Environmentally friendly growing
The greenhouse is based in Kviamarka, Nærbø, which is in the Rogaland region, close to Stavanger. “Rogaland has a strong tradition of crop production. It’s very flat and close to the coast. The climate is mild because the Atlantic cold stream ends further offshore, so it’s ideal for growing fruit and vegetables,” explains Hansen. Besides the favourable climate, Kviamarka was chosen for sustainability-related reasons; the greenhouse is located right next door to Tine, Norway’s biggest dairy company, as part of an energy partnership. “We have an almost symbiotic relationship with Tine,” he says. “Rather than generating our own heating, we use the surplus hot water from their production processes – it’s around 55 to 65 degrees – in our pipes. We then deliver it back to them as cold water – at around 30 degrees – for re-use. We have a similar set-up with the CO2, which is produced by Tine’s gas burner. Rather than it being released into the atmosphere, we use it in our greenhouse. So together we’ve created a circular system that’s good for us and good for Mother Nature too.”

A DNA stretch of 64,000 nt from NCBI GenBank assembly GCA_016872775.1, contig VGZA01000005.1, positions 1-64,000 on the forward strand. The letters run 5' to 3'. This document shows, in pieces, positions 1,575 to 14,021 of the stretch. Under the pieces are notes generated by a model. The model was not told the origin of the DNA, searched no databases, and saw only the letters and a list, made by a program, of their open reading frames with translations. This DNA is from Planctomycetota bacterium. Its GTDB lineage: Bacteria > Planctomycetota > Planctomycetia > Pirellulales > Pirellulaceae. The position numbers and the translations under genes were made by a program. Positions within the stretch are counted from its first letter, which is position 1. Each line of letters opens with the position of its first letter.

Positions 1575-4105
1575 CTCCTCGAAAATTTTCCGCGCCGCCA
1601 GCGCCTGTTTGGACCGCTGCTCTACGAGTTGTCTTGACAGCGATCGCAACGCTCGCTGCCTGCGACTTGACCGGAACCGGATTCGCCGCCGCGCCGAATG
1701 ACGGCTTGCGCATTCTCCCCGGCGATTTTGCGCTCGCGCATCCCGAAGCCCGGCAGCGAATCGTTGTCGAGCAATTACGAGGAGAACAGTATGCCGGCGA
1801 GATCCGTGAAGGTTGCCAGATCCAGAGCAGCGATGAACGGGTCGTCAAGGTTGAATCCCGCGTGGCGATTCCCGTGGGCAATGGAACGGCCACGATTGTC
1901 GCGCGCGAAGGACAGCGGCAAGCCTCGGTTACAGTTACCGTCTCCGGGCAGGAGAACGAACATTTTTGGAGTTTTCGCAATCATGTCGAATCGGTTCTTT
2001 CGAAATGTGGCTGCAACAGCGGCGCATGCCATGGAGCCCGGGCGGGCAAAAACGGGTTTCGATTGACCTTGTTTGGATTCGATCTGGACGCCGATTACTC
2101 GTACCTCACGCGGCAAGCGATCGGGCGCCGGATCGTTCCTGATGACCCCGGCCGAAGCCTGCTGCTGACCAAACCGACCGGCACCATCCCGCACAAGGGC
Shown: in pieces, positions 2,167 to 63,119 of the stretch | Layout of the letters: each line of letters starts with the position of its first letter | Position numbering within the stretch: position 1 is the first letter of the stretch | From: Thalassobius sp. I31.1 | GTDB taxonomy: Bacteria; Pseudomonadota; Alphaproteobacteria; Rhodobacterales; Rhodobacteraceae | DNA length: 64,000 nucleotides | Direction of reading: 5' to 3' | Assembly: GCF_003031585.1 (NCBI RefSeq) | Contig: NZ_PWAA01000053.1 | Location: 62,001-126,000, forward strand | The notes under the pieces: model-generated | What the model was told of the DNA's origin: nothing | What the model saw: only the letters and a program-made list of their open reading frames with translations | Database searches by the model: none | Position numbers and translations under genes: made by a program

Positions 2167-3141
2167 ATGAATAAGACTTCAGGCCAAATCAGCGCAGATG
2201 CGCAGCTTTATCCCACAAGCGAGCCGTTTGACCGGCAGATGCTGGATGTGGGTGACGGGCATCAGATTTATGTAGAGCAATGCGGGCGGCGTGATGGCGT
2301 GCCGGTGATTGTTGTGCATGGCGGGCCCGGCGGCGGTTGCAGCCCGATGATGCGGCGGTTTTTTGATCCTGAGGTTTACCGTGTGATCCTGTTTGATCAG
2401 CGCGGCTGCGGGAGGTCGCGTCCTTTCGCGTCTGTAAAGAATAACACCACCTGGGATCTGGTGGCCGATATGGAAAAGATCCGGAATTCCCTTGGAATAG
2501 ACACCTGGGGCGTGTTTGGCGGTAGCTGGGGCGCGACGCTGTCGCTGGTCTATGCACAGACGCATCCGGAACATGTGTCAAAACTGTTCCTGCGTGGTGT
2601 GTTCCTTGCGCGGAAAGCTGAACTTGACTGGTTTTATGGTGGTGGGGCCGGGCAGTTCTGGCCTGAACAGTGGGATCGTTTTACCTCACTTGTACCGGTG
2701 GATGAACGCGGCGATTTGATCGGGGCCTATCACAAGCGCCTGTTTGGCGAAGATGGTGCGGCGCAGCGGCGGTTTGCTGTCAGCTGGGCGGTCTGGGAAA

Since the name ‘Miljøgartneriet’ translates literally as ‘Environmentally friendly growing’, perhaps it should come as no surprise that its sustainability initiatives extend even further than energy and CO2. “We’re focused on controlling pests biologically and don’t use any pesticides or fungicides. This results in 100% ‘clean’ and ‘biological’ production, without the use of chemicals. We’re also the first greenhouse in Norway to achieve GLOBAL GAP certification,” adds Hansen.
The growing season runs from the start of January until mid-November. “I plant the first tomato crop in Week 1 and don’t finish planting until Week 9 because our propagation capacity is limited. I keep the temperature at around 15 degrees on average, until the conditions are right. Our climate is characterised by low-light conditions in the winter and early spring, but we don’t have artificial lighting, apart from in the propagation area. After all, no light means no temperature either, which works better for us,” he continues. “It takes around seven to eight weeks from planting to harvesting, depending on the variety, so we’ll often be harvesting the first cherry tomatoes before we’ve put the last plants in!”